10. Juan Piñón

    The transformation of the Latin American television industry clearly exposes the profound impact of neoliberal policies throughout the region, including the multiplication of distribution windows, trends toward media concentration, and changes in the modalities by which global media corporations are rooting in local and national television industries. Miller and Leger argue that runaway productions are the means by which Hollywood outsources production to developing countries to realize cost advantages via flexible labor, low wages, low prices, tax incentives, cheap accommodations, and access to material, cultural, and symbolic infrastructure, all the while maintaining tight central administrative and financial control.¹ This New...

  11. Jade Miller

    Just as Hollywood production frequently departs the greater Los Angeles area for less expensive shooting locations worldwide, Hollywood studios have also expanded their interests globally, investing in everything from Bollywood studios to telenovela-producing corporations.¹ In this sense, the Los Angeles-based film and television industry is indeed a multilevel “global Hollywood,” as Miller and his colleagues convincingly illustrate in their so-titled book.² Accordingly, the individuals who make up global Hollywood’s workforce are both geographically diverse (in “runaway production” locations from New Orleans to Prague) and industrially diverse, working on domestic film and television productions as well as major international projects, all...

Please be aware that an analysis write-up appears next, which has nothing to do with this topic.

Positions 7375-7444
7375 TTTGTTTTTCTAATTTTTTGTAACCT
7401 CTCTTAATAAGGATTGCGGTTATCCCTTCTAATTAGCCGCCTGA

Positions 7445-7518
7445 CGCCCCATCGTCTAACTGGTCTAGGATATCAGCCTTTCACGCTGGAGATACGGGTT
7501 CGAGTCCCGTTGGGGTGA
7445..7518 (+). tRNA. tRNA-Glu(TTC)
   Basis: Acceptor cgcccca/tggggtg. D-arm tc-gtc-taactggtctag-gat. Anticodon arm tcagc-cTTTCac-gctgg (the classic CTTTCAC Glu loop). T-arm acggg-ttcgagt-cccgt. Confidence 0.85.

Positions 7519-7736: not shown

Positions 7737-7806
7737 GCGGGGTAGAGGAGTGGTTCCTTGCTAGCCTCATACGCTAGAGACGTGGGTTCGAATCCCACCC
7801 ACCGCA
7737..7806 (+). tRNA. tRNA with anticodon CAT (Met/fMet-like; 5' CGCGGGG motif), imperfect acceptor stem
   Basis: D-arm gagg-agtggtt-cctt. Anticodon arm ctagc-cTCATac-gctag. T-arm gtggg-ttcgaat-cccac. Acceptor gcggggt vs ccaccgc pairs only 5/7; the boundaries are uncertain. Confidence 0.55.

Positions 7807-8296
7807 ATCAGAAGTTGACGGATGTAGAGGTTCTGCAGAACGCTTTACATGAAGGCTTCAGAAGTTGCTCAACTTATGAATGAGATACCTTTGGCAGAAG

12. In this chapter, we examine the conditions of precarity in porn work, situating those conditions in the context of a changing industry and a political economic moment in which uncertainty is the most stable feature. Though we can link precarious conditions to their social contexts, we do not suggest that such conditions are inevitable or historically neutral. As Chuck Kleinhans insists, “Precarity is not a necessary result of [global political economic] changes. Rather, it is a deliberate policy and aspect of neoliberalism in its relation to the labor force.”¹ Porn workers’ precarity emerges out of an industry struggling in the...

  13. Kristen J. Warner

    This chapter makes a case for precarity as a historical state of being for marginalized men and women of color in the entertainment industries. As a preface to underscore what follows, I want to recount two recent experiences that make explicit the larger stakes I’m concerned with here. First, at the originating conference for this collection, a key debate focused on the gendered division of labor and how debates about “progress” often obscure the ongoing marginalization of women from the screen media workforce. Scholars made resoundingly astute points about the ways women continue to suffer under the tyranny of patriarchy...